Buddy system for exploring works

Students are “captured” by the experience

Lots of visitors

Speakers easy to get

Social presence is palpable

Improvements needed. Issue: The course needs an easy way to get acquainted with SL Answer: Tour, bootcamp, buddy system Issue: A way around technical problems (these were MBA students) Answer: Fortunately computers are getting more robust – same problem when we started online learning Issue: Name issue – wanted RL names Answer: SL names are just to confusing – solution is a name tag (floating above head) Issue: Audio is not good enough. Answer: Use group audio – much better (note most SL users do not know about this)

Issue: The course needs an easy way to get acquainted with SL

Answer: Tour, bootcamp, buddy system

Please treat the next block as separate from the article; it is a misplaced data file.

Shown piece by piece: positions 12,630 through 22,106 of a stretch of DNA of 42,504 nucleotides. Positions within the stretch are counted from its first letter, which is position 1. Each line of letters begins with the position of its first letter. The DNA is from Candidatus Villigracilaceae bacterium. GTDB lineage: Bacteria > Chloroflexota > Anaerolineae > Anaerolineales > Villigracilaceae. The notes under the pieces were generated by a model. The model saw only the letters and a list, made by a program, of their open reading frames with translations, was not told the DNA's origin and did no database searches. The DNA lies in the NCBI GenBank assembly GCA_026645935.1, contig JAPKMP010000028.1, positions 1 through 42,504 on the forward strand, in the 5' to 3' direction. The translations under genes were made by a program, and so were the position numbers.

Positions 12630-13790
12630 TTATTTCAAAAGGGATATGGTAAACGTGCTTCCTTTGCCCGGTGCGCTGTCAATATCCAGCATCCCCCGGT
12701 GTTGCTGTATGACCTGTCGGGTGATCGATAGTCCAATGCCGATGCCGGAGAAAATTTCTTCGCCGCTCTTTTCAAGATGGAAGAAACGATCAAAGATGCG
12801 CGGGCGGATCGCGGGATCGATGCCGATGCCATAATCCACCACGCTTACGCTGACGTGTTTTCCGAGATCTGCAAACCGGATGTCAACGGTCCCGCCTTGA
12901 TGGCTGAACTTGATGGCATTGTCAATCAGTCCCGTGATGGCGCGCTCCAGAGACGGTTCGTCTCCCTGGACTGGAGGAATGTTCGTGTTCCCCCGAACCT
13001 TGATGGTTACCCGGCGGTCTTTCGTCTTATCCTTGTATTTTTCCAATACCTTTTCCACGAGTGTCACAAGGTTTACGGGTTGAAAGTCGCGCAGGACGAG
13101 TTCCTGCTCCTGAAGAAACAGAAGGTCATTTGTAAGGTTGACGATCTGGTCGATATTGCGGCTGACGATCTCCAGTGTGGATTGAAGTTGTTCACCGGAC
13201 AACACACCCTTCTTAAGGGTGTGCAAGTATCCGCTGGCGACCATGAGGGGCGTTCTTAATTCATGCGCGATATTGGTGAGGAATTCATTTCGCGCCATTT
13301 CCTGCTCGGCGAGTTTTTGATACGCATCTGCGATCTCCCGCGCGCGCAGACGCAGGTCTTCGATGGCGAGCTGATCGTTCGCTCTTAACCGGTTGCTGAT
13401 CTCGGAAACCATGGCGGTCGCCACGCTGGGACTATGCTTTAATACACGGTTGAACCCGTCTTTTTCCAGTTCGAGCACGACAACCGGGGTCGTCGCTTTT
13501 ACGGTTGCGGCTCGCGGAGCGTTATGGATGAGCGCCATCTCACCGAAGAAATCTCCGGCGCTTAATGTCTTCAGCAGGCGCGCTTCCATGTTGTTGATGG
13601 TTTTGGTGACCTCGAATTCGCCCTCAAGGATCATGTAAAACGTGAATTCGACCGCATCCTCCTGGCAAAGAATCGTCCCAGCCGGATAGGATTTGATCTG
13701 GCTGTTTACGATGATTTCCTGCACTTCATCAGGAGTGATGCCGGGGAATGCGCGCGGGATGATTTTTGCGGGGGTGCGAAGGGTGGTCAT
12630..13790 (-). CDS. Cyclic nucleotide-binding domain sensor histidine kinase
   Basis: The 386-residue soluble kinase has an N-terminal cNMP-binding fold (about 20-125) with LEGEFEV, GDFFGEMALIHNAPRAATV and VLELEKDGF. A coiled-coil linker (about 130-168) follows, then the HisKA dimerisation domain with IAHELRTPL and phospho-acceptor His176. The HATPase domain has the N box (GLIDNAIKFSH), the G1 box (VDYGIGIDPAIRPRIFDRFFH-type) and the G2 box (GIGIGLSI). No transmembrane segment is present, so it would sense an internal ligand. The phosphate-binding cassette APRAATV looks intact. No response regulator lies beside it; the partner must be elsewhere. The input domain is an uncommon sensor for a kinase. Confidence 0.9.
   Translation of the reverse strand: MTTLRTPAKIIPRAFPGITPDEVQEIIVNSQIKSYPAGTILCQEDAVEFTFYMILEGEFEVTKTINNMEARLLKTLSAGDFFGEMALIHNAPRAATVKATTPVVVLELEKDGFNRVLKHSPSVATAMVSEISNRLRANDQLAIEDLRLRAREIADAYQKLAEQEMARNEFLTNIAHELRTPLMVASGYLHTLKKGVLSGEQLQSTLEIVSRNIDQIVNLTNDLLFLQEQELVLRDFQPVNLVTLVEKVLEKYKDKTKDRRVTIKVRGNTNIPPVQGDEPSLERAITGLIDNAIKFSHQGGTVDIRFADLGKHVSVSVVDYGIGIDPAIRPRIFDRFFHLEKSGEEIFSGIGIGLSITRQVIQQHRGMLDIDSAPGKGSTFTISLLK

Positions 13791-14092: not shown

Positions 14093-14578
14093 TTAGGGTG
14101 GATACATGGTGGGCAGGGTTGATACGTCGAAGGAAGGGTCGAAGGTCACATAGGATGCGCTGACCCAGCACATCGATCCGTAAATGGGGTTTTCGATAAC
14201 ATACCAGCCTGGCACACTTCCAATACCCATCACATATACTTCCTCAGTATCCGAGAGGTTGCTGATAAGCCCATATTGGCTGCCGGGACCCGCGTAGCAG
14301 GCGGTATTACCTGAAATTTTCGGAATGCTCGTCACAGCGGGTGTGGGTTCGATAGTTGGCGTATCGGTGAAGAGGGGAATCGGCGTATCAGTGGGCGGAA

Issue: A way around technical problems (these were MBA students)

Answer: Fortunately computers are getting more robust – same problem when we started online learning

Issue: Name issue – wanted RL names

Answer: SL names are just to confusing – solution is a name tag (floating above head)

Issue: Audio is not good enough.

Answer: Use group audio – much better (note most SL users do not know about this)

Acknowledgements Patti Green, Provost Babson College Candy Brush: Division of Entrepreneurship, Babson College Wendy Silverman, Babson College Frank Mayadas, Alfred P. Sloan Foundation Gail Sullivan, Kathleen Ives, Sloan Consortium ..and to the many guests and Babson alumni who participated .. John Bourne (jbourne@babson.edu)

Patti Green, Provost Babson College

Candy Brush: Division of Entrepreneurship, Babson College

Wendy Silverman, Babson College

Frank Mayadas, Alfred P. Sloan Foundation

Gail Sullivan, Kathleen Ives, Sloan Consortium

..and to the many guests and Babson alumni who participated

.. John Bourne (jbourne@babson.edu)